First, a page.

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What are we each entitled to in our divorce settlement?

What does the law say about how to split the house, how to share pensions and other assets, and how much maintenance is payable.

What steps can we take to reach a fair agreement?

The four basic steps to reaching an agreement on divorce finances are: disclosure, getting advice, negotiating and implementing a Consent Order.

What is a Consent Order and why do we need one?

A Consent Order is a legally binding document that finalises a divorcing couple's agreement on property, pensions and other assets.


Short Marriage - only married 1 year

  • CornwallGirl
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14 Oct 12 #360985 by CornwallGirl
Topic started by CornwallGirl
HI All,
I am new to this site. My husband assaulted me 6 weeks ago. I had to call the police and he was arrested. he got cautioned but did admit the offence. I can''t take him back. I suffered emotional and verbal abuse well before he struck me.
I am interested to know whether a court would consider the time I time I lived with him when applying for settlement.
I worked for my husband and he promptly sacked me straight the incident. Luckily I gained short term work with an agency. The house is in my name but his business is worth far more, and I cannot get him to respond to any kind of communication. He used stone walling tactics before and during the marriage and he is using them now. My question is. Can I make any kind of claim against his business which is worth around £700,000. I thought the law said that in short marriages, you have a Clean Break but after some stuff on uk sites, it says that the judge would take the time we lived together (4 years in total) int consideration.
Can anyone clarify this for me. Many Thanks for your time.:S

  • Elphie
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15 Oct 12 #361010 by Elphie
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They do take into consideration your cohabitant time (ie living together) as well as marriage, but if the total time your were living together is 4 years, and if it is a childless relationship, I believe that would still be considered a short marriage. So the rule of thumb is you come out of the marriage with what you went in with (which is slightly different to a clean break, which basically means he pays you no maintentence) this would be mean you keep the house, he keeps the business.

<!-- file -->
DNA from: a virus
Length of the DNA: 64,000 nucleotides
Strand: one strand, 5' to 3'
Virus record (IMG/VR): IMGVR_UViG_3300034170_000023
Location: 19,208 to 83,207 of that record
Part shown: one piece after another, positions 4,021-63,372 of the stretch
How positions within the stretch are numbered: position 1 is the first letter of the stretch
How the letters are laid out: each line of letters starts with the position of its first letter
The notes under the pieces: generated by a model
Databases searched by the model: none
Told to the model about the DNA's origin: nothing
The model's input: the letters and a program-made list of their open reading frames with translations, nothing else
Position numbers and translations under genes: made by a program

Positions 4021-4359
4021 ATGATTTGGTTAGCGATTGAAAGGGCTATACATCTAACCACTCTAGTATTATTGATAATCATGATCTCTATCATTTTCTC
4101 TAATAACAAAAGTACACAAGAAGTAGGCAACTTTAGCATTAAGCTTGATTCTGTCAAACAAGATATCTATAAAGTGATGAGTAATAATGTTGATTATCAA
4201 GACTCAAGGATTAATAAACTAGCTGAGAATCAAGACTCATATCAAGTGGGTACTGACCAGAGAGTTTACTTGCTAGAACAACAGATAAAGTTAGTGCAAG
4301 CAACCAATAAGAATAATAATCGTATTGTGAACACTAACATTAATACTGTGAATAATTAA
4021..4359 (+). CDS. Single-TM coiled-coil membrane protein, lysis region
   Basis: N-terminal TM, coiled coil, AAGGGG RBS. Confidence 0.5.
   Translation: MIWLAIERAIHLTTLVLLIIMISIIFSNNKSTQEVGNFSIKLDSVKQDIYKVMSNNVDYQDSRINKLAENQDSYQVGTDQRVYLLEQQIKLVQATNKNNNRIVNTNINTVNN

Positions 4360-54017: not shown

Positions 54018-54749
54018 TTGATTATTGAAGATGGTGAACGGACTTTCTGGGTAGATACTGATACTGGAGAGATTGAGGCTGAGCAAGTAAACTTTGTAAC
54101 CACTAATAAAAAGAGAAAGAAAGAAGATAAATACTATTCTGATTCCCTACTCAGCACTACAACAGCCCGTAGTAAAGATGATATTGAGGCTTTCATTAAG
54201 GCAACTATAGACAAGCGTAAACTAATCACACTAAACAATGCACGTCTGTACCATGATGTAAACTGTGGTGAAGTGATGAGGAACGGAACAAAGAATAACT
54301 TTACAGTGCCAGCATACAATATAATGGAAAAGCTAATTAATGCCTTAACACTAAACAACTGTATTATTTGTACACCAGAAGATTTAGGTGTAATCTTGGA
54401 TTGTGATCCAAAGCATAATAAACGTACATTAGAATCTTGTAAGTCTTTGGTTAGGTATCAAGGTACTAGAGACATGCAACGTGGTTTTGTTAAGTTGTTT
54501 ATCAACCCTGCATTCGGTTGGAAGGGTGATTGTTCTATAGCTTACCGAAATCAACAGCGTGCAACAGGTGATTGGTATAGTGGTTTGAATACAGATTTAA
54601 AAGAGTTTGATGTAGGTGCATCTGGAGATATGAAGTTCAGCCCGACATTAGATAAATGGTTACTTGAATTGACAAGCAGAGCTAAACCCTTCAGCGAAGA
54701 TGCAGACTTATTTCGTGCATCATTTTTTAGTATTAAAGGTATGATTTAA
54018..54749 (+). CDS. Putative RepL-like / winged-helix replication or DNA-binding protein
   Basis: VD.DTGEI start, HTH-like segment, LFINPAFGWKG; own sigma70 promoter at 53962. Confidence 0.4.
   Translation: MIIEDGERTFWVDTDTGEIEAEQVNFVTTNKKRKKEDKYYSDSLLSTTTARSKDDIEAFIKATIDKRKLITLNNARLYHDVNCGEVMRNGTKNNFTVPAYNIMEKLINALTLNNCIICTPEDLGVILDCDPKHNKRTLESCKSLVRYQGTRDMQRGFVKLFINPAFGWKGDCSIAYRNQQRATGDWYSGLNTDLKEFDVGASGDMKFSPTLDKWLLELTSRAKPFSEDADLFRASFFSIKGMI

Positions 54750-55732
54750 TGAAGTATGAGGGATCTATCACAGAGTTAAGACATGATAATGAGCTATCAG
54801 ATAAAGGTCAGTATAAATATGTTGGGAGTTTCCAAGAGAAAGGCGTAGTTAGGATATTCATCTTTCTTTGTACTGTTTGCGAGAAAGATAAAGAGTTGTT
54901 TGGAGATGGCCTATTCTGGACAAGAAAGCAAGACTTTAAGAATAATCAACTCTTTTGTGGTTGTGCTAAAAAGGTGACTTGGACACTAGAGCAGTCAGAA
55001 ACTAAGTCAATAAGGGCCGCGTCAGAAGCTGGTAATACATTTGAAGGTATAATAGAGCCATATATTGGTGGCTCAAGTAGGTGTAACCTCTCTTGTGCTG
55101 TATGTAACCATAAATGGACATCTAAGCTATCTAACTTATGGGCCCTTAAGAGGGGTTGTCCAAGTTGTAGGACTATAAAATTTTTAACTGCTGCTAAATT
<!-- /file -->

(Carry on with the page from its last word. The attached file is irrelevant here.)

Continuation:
You could go down the court route to try and make a claim on his business, as four years is borderline, but Tbh, if he is stonewalling you and was abusive he''d fight any claim you tried to make. If I were you I wouldn''t waste the court and solisitor fees on a fight that might well end in his favour. Instead, push through with the divorce, try and get him to sign a consente order agreeing that you keep your house and he keeps his business, and get the man out of your life.

  • CornwallGirl
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17 Oct 12 #361501 by CornwallGirl
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HI,
Thank you very much for your time and reply. I went to see a solicitor today who has told me that I am entitled to public funding, so fortunately I will not have (hopefully) high solicitor costs to pay.
they have confirmed that the time I cohabitated with my husband before we were married will be taken into consideration. It will still be classed as a short marriage. My husband initially agreed to settle by paying a one off sum of £32,000 which includes a small pension of his.
However that was in May after he first threatened me.
My solicitor has taken this figure which she is going to write to him about, I have also agree to go to mediation...although to be honest I think my husband uses stonewalling as a method of not dealing with situations he cannot control or handle. I suspect that when the solicitors write to him..he will agree to the settlement we orginally agreed on. People who stonewall tend to be cowards...the avoid dealing with situations by ignoring them..
I do feel a little brighter about my situation..but you are certainly right..I need to get him out of my life for good.

Thanks once Again

Tricia

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17 Oct 12 #361525 by Elphie
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Glad you feel reassured having seen a solicitor. Be aware, legal aid is a loan - you will have to pay it back after you receive your settlement, whether it is by consent or through the courts. It does tend to be cheaper than going through private solicitors still as they don''t charge as much, but it isn''t free.

  • CornwallGirl
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18 Oct 12 #361690 by CornwallGirl
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Thanks for the update. I am hoping to get some kind of settlement.By no means guaranteed though. my husband is a sub-postmaster which is part of a londis shop. The turnover is a lot..almost a million pounds a year.
He pays me nothing. I am working for pertemps to try and pay the bills.
I was sacked as soon as he was arrested for assaulting me. Of course..its all my fault.
He doesn''t respond at all to any communication so I have given up there.
Lets hope he wants to settle out of court.
Can you believe that I got married in Dec of last year..didn''t expect or anticipate this but can''t be a punch bag to anyone.

thanks again for your response. very helpful

  • Serendipity100
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18 Oct 12 #361744 by Serendipity100
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Cornwall - just to advise you that you will have needed to have been married at least one year before commencing divorce. Hope that helps.

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